artwork for Peter Krumbach's poem Nightshift in Produce

Nightshift in Produce
Peter Krumbach

Big Sal tells me again how he loathes
not only the way I stack, but the way
I shelve. His words have a rhythm.
They become a 5-mile-long train.
I nod in triple time, then cut myself
adrift, entering a space with no verbs,
a field where the past, present and future
exist at once. I see my father smoking
while eating soup, my mother
standing before him in her underwear,
holding shears, the kitchen floor
Aegean green. I can hear mockingbirds
and distant shrieks of children. It is
a realm where some great secret is to be
divulged, the gate to what’s been sought
but never found briefly ajar. But then
Big Sal points at spinach, and I pray to see
what the eye discovers when it shuts,
when electricity sends the mind around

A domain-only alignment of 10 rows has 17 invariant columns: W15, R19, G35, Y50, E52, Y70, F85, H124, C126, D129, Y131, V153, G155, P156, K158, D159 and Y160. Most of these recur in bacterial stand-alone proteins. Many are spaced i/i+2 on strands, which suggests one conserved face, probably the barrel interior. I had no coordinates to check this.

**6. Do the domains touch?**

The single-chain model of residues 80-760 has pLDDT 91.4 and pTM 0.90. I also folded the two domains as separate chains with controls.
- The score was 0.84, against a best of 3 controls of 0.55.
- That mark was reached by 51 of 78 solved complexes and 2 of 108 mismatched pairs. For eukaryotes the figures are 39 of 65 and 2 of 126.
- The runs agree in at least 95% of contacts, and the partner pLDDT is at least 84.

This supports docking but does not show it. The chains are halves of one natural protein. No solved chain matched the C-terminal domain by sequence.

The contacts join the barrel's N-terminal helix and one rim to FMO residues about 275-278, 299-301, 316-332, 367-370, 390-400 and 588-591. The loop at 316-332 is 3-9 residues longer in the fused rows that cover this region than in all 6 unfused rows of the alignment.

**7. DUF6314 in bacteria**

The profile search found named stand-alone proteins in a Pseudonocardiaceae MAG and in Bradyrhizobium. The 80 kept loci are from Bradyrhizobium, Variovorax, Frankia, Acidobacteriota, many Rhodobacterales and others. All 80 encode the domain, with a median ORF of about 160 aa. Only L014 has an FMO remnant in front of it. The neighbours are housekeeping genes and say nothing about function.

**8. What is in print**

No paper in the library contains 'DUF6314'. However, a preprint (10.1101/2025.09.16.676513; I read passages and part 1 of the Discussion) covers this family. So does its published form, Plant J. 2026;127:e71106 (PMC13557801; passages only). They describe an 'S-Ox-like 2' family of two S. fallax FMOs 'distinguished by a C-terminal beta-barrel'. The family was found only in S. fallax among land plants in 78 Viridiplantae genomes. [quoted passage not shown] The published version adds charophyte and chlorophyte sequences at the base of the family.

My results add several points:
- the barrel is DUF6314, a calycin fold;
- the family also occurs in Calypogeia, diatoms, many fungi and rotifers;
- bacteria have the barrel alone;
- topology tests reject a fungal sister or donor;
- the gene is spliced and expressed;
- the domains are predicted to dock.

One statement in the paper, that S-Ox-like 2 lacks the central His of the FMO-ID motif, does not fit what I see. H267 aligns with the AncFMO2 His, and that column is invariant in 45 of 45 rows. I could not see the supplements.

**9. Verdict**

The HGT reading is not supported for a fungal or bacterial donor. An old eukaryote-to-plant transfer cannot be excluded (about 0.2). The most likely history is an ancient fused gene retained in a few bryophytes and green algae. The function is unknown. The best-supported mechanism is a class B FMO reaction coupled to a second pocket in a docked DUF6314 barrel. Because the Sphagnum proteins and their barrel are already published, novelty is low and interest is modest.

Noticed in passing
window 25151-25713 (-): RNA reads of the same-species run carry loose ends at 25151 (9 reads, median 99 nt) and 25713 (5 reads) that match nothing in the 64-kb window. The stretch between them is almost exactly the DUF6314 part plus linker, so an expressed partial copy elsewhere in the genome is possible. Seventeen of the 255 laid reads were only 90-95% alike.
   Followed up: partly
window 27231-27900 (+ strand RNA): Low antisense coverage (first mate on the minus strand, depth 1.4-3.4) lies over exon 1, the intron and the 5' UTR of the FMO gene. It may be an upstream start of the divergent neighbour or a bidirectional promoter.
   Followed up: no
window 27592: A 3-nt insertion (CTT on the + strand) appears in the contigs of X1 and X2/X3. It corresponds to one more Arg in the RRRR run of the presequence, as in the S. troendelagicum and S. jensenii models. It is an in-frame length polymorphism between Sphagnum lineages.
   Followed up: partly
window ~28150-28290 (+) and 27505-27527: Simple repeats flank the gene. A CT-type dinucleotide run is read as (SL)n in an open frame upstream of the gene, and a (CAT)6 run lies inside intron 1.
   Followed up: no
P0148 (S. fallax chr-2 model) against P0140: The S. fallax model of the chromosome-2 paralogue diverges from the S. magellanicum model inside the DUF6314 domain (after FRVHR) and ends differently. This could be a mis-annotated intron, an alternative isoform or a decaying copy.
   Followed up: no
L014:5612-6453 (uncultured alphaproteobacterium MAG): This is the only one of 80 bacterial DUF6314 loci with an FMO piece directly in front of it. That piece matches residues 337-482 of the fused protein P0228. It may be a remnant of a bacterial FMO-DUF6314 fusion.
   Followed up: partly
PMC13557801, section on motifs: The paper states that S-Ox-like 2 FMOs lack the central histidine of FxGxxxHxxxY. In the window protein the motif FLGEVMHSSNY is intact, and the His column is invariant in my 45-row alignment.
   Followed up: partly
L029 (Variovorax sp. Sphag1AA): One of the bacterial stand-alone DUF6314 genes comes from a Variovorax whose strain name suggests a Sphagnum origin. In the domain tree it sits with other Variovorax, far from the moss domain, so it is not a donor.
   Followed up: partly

the track without harness, the jockey
asleep in his crib. I need to tell Big Sal
that my soul is out back, playing chess
against the loading dock crew, that
his soul is marked down, bottom
shelf, aisle 8. But he’s busy, talking
about kumquats, and above me,
like a giant cotton bloom, a parachute
unfurls. I touch down, as I often do,
by the pyramid of melons, the spot
where someone dropped a brain
and stepped in it. The spot Big Sal
wants me to orange-cone and mop.

Peter Krumbach’s Comments

“Nightshift in Produce” was originally published in The Manhattan Review. When you wake up in the middle of the night and decide to go grocery shopping, pay attention to the store crew. Just understand that if you ask the quiet, hard-working produce stocker too many questions about papayas, he might kick your ass.

Table of Contents

Frigg: A Magazine of Fiction and Poetry | Issue 60 | Fall/Winter 2022